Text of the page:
IIT-K and DRDO develop material that can help soldiers go undetected by enemies

Written by Aditee Lad based on inputs by Shahid Kazi

Scientists at the Indian Institute of Technology-Kanpur (IIT-K) said that they have developed textile-based meta-materials that can help defence personnel and vehicles avoid being detected by enemy radars. It was carried out by Kumar Vaibhav Srivastava of the electrical engineering department and J Ramkumar of the mechanical engineering department of the institute. This project was supported by Defence Research Development Organisation.
This material can be used as uniform for personnel and as a covering for ground vehicles to avoid being detected by enemy radars, motion detecting ground sensors and thermal imaging systems. The material is flexible and can be customised for different climatic conditions.
“In a major achievement, we have designed and produced micro-structured infra-red metamaterials with processes that can be readily scaled for mass production to cover large area surfaces. These infra-red metamaterials are applied on any given surface to reduce the thermal emission to create infra-red stealth,” professor S Anantha Ramakrishna of the department of physics at IIT-K said.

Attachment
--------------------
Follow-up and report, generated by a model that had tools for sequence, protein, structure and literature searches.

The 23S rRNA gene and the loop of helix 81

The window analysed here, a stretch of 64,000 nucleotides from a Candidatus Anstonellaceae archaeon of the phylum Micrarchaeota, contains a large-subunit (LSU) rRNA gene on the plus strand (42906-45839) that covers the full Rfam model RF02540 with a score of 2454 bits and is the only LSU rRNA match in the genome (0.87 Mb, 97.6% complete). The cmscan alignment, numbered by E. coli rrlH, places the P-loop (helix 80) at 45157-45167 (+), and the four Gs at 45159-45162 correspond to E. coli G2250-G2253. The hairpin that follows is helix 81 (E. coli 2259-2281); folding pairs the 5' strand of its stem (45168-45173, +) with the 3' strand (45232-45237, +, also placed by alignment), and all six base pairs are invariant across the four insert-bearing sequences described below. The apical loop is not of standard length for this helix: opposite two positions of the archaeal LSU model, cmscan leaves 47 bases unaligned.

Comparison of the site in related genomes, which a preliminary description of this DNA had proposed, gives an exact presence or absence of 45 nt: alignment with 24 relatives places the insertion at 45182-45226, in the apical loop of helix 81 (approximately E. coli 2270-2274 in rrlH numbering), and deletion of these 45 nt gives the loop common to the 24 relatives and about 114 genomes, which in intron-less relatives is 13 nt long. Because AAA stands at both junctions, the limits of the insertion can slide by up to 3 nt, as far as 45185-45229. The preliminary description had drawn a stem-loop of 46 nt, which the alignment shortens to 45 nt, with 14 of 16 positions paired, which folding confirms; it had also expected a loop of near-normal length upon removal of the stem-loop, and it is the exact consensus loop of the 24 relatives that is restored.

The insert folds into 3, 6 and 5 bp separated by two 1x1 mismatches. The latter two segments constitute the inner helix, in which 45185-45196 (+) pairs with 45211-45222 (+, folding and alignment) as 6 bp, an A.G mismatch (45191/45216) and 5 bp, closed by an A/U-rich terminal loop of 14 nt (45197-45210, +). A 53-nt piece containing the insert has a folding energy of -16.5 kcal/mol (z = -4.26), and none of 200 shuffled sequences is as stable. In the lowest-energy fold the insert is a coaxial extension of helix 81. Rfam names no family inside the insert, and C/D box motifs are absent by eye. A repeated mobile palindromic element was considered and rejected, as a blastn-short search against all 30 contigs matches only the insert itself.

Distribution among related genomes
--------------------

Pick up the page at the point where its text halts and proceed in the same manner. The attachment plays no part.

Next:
“We are also in the process of developing robust meta-materials for radar stealth which can be applied on high-speed aircraft and switchable meta-materials for active camouflage applications,” Ramakrishna said. He said at the beginning of the 21st century, new composite micro-structured materials called meta-materials were found to have very unexpected properties due to their specific structure that caused resonant interactions with electromagnetic waves.
“Stealth fighter aircraft were already in use but they used very different concepts and heavy ceramic ferrites for achieving stealth. Meta-material based absorbents held the promise of lightweight, ultra-thin and flexible materials that could be applied literally on any surface to give the required properties at radar frequencies, infra-red frequencies or even optical frequencies,” the professor said. “Laboratory level development of demonstrations has been completed and now we are proceeding for field testing,” he said.